It is strictly up to your landlord. There are a few scenarios.
(1) Your old roommate stays on the lease and would remain responsible for rent.
(2) Your old roommate gets removed from the lease and you remain the only person on the lease
(3) Your new roommate replaces your old roommate on the lease--or signs a new lease
(4) Landlord doesn't allow your new roommate to move in if your LL requires your new roommate to be on the lease and he/she has bad credit.
Hope that helps.
nothing in the answer above constitutes legal advice. nothing in the answer above creates an attorney-client relationship between myself or my firm and any persons on AVVO.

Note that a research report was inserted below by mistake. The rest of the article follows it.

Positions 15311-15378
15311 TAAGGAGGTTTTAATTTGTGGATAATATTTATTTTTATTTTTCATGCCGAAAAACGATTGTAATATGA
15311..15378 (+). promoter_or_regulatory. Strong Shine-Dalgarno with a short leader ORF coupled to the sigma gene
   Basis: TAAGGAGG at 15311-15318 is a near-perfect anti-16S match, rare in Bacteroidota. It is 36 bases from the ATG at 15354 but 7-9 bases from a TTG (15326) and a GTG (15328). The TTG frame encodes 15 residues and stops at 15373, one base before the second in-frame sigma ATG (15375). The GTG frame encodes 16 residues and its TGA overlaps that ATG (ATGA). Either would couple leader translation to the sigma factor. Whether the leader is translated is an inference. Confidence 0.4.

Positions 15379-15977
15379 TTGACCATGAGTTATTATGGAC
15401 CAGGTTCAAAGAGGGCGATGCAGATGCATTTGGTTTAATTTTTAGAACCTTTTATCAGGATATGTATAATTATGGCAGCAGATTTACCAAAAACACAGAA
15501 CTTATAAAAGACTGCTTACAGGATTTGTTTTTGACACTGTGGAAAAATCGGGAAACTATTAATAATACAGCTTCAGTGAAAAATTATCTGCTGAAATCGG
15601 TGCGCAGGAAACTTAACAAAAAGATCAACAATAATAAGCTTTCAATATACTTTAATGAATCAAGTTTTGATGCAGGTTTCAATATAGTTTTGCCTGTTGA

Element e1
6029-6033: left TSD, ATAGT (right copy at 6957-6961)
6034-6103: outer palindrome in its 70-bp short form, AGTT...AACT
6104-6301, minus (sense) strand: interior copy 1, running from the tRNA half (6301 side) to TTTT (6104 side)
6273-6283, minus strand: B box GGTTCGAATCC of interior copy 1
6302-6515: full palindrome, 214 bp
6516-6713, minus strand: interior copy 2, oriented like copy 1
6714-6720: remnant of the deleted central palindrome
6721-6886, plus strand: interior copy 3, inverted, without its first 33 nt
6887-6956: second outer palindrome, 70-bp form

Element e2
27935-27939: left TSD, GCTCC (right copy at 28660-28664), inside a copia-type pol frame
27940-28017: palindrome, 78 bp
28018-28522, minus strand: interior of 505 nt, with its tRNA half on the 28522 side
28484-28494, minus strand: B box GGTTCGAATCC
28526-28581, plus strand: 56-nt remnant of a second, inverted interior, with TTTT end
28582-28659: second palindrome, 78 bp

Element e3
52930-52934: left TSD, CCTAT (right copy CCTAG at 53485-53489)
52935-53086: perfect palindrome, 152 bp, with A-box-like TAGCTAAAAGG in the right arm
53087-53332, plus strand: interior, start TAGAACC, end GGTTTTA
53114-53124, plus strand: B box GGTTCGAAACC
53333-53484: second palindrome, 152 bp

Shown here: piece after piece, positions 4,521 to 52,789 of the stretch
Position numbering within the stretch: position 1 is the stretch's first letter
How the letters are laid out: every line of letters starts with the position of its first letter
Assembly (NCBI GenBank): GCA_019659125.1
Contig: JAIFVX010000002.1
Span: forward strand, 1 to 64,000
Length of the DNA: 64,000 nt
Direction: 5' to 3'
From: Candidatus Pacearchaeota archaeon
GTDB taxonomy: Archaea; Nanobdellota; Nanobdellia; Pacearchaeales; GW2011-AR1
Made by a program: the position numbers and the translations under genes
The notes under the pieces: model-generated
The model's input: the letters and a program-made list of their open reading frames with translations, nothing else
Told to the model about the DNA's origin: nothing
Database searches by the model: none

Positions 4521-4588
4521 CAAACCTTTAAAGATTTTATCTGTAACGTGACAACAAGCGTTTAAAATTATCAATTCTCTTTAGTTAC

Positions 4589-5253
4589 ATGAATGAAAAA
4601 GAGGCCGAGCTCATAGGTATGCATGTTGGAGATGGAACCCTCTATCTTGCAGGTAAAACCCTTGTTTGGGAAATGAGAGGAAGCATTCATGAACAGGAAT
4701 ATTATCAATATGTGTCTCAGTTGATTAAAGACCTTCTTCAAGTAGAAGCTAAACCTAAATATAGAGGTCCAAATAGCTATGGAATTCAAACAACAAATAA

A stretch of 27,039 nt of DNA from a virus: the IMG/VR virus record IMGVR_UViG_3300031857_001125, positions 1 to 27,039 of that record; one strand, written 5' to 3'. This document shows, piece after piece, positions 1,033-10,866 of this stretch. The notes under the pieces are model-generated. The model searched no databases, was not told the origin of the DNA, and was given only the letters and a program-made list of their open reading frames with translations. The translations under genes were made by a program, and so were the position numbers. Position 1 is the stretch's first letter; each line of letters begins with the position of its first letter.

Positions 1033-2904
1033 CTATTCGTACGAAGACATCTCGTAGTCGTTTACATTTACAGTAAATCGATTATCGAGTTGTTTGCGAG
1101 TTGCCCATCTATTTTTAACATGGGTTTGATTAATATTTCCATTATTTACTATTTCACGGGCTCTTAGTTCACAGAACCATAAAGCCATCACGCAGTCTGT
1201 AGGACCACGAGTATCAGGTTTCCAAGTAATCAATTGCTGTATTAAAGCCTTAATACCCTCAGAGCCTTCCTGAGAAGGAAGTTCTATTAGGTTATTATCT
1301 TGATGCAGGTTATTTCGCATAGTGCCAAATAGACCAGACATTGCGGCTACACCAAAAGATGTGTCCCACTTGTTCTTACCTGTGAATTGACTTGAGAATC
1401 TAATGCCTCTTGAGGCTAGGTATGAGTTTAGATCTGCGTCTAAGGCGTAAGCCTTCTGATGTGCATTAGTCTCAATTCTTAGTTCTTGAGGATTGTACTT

Under the San Francisco Rent Ordinance a landlord can force you to sign a new lease with substantially the same terms.
I don't know why you wouldn't sign a new leas . In a rent control jurisdiction it will grant rent control rights to your new tenant. Great for them. For the landlord granting a new tenant those rights is probably not outweighed by having more assurance of rent being paid. That's why for you I can only see it as a positive. I guess I need more information.
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